*Adjustable. The adjustable option of the Koni Sport Rear Shock allows you to adjust compression and rebound with just a twist of a knob. Turn the knob clockwise and soften the dampening, counter clockwise stiffens the dampening. 

https://www.americanmuscle.com/koni-shock-9404.html

 

 

You can run what ever works for you. Given your shock's adjustability is rebound only and compression remains constant, I assume by "soft as possible" you mean dialing down the rebound damping to increase spring return. This begs the question, why have adjustable shock? Conventional wisdom is that stiffer springs and compression damping is what plants the rubber to the road, but sacrifices comfort. The last time a 510 took the SCCA Auto Cross National Championship was EP Driver Tom Anker in 1991. Take a look at his car and you see some tire distortion, but zero body roll or suspension travel and that car is seriously planed. This is what it takes to run at the front in a 510.

 

 

 


The 1200/210 is a solid rear axle and totally different suspension needs. This is Troy Ermish's 510 below dicing it out with a Mazda 3, another straight axle car. You can see the Mazda sway and dance around in the corners while Troy's car is stiff flat as hell and planted.

 

 

 

If I'm looking to have a steerable race car, having both reb & comp adjustment at the top of the strut is my choice and what I run on my SR swapped 510. T3 adjustable KYB on short ZX struts, 325lb springs, T3 rear coiler overs on KYB adjustable shocks 300lb springs, stout roll bars, MR2 rack&pinion on a BCW X-member with razed and narrowed pickup points and shortened steering arms. when I first built that car I had older soft non adjustable coil overs with 225lb springs, and under acceleration the car would squat a good 2" creating serious toe out issues. Even with neutral camber and 1/4" toe in, it caused loss of traction and uneven tire ware. My current spring and shock setup took care of all that.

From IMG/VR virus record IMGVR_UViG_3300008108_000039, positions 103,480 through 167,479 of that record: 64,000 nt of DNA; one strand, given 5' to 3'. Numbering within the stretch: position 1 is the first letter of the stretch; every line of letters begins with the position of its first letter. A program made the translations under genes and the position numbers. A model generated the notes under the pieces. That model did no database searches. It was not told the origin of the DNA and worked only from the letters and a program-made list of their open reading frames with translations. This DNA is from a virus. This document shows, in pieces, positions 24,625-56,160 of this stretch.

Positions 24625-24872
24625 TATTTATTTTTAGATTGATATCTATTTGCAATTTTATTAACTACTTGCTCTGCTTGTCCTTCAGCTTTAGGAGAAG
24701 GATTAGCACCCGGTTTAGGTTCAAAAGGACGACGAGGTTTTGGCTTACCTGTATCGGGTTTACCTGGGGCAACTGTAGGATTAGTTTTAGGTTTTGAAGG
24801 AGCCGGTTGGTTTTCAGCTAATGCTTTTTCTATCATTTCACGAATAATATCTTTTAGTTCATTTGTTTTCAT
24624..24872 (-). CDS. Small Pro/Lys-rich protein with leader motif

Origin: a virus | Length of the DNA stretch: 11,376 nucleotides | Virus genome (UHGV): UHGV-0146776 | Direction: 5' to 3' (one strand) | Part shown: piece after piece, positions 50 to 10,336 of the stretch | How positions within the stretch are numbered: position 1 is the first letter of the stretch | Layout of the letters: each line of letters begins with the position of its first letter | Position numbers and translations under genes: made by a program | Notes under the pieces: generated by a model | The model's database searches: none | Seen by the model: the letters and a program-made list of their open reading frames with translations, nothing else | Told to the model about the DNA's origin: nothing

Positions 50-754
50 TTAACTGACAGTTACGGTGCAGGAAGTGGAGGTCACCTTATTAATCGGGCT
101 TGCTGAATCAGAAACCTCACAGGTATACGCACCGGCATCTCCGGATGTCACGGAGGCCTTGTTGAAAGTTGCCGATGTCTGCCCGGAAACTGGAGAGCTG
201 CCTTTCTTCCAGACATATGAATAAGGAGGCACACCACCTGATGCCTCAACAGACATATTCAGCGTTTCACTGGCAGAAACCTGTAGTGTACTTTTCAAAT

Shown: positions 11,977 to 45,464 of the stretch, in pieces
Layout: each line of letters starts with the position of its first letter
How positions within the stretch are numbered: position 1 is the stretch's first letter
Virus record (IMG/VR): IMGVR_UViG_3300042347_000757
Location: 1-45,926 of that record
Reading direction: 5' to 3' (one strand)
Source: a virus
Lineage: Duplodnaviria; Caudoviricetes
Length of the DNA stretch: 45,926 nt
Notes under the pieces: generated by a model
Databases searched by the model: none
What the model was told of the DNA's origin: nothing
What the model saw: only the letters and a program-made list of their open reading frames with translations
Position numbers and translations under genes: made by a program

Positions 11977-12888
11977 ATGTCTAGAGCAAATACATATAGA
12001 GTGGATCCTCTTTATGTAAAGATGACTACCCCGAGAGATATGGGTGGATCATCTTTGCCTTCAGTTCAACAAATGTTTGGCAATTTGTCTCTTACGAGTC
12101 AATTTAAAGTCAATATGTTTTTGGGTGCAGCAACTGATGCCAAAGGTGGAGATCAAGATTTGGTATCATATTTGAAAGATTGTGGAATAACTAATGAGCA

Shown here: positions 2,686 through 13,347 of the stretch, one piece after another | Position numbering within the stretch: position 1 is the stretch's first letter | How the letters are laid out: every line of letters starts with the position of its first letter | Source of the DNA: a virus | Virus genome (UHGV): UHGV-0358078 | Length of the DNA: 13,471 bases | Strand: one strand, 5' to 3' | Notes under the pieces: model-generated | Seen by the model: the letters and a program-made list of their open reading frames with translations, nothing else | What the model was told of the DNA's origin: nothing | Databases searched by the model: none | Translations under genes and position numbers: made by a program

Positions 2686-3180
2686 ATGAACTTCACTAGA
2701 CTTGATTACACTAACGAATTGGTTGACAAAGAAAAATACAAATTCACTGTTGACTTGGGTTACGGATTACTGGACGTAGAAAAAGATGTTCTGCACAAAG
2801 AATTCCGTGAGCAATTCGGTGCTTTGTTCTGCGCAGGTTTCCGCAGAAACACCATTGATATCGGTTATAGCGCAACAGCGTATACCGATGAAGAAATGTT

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intro-1509935535.jpg

 

The subtlety of it escapes my pallet.  From strictly street use....it all tastes like grape juice.

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I find it great that there is some good debate on this post as always it's all about option that work for a particular set up. When posting this my only intention was to let people know of another option. 

 

First,  when I say I prefer soft as possible on the shocks/dampers that is in conjunction with bigger sway bars. 

 

Second, multi adjustable dampers are indeed better than single and single adjustable are indeed better than rebound only. The only caveat being that you know what you're doing when you adjust them. My modern off road bike has adjustments for high and low speed as well as compression and rebound adjustments.......you can screw it up royally if you're not knowledgable. It's an open class bike and I weigh 140lbs so the set up is very specific to me,  my riding style and the terrain I ride.

 

Paradime; a giant yes they do, on how much leaf spring cars move around on the rear suspension. If you've seen any of the videos of my 1200 on track most find the amount of movement downright alarming (as do some of my fellow racers) yet I manage corner speed equal to or better than other cars. Part of that is the car being 150-200lbs lighter, part of that is my driving but most of it is through set-up. I use the exact set-up out of the Nissan suspension manual. I'm even on bias ply tires. My thoughts are smarter people than me figured this stuff out.  

 

For sure Troy Irmish's cars (both GTL & vintage) are the gold standard but there is more than one way to skin a cat. Neeley's 510 netted some very good results with multiple drivers over the years. That car used non-adjustable dampers custom valved for the car. A friend raced the car for something like 20 years and had very good results with it.

 

On my car I worked with the Koni distributor and found dampers that would work best with wheel rates/motion ratios. The Koni classics (80-1551 for Alfas)  along with 8610s work well for the budget I'm working with. We actually found some Ohlins that were close but not quite right, those would have set me back around $2000. 

 

So coming back to the dampers in question; for a street car, occasionally autocrossed or tracked they'd be just fine but if you're trying to get the last bit out of you're Datsun then either get multi-adjustable or custom valved dampers. 

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Ok, looks to me like that text quoted from American Muscle's website is misleading.  If it's between what American Muscle says and what Koni says, my money's on Koni. Unless anyone  can prove otherwise,  I will continue to maintain that the Mustang 8041 1026SPORT shocks are adjustable for rebound only.   

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99% of my running is on one track so once I adjust the dampers I pretty much set it and forget it.

 

Paradime is the 510 in the autocrossed video the same one that Mark Nettersheim is now running with VARA?

Edited by Tom1200